Moroccan hashish today
We could say that, since the beginning of the new millenium, hashish production in Morocco has experienced two revolutions. On the one hand, and as observed by UNODC, we have total amounts of hashish produced and hectares of cannabis grown. A few years after feminised cannabis seeds appeared on the market, these could be already found in Rif crops. Growing only female plants allowed the farmers to have much better resin yields in their fields, which caused an increase in the total amount of hashish produced. The curious thing is that, at the same time, the total amount of hectares of cannabis grown in the Rif area was decreasing every year.
Greater benefits also allowed farmers to improve their crops with wells, irrigaton systems, nutrients for cannabis and new seeds, albeit the technique used to produce hashish was basically the same than during the past decades. New resin extraction systems didn't arrive until a few years later, concurring with the emergence of cannabis social clubs in Spain.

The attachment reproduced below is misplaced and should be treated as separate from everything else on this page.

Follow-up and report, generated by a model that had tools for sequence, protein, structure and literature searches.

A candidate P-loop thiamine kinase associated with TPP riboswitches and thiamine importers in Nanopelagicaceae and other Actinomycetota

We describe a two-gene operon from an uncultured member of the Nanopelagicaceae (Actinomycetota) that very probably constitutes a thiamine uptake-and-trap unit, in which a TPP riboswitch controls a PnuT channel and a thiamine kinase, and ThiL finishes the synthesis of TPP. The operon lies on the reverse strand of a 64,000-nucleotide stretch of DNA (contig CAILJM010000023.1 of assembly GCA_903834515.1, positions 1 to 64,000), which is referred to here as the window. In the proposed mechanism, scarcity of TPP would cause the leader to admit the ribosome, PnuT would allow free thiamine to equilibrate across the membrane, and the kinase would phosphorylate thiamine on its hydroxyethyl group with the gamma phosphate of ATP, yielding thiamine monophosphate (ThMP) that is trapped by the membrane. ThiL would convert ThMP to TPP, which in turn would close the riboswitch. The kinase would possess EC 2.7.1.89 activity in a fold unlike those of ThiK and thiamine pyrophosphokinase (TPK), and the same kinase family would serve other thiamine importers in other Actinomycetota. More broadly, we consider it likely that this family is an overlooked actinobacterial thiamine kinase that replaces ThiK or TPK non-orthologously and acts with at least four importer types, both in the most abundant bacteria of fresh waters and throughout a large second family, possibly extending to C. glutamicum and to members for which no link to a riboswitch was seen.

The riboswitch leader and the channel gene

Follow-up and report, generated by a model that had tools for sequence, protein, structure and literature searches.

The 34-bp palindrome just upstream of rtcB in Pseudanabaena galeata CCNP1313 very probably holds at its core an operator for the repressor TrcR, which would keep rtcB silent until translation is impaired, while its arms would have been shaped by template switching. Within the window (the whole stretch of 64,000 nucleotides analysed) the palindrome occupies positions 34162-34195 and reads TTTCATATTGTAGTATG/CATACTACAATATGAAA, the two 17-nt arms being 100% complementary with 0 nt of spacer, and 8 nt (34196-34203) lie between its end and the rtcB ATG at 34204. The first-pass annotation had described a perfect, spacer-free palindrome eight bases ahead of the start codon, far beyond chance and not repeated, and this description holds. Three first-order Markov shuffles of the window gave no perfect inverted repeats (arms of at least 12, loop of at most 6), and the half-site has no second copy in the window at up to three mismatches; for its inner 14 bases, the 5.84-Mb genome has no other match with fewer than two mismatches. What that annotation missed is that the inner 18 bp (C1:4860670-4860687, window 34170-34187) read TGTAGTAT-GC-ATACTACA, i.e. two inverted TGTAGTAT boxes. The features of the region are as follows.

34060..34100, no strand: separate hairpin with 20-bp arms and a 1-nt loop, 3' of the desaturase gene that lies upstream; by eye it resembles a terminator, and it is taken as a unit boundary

On the other hand, the current situation in Spain has had a great impact on both growing and resin extraction techniques in Morocco. Modern producers have to meet now the tastes of an increasingly demanding public, the members of hundreds of cannabis social clubs in Spain. Thus, classic strains like Black Domina, Amnesia Haze or Critical Mass have been grown for years in the Rif area, while new hybrids like Nicole Kush or Barbara Bud are also being grown in many fields.
Techniques used today in Morocco are many and diverse: dry sieving (in some cases with imported, quality meshes), ice water hash, rosin hash and even BHO. Still, one of the most appreciated products in Spain is fresh sift, produced by sieving fresh plants. It is obvious that hashish production in Morocco, which remained unaltered for decades, has experienced a true revolution for the past 15 years, mainly thanks to the introduction of new strains and sieving techniques. A revolution that we're glad to witness!
Happy hashish harvests!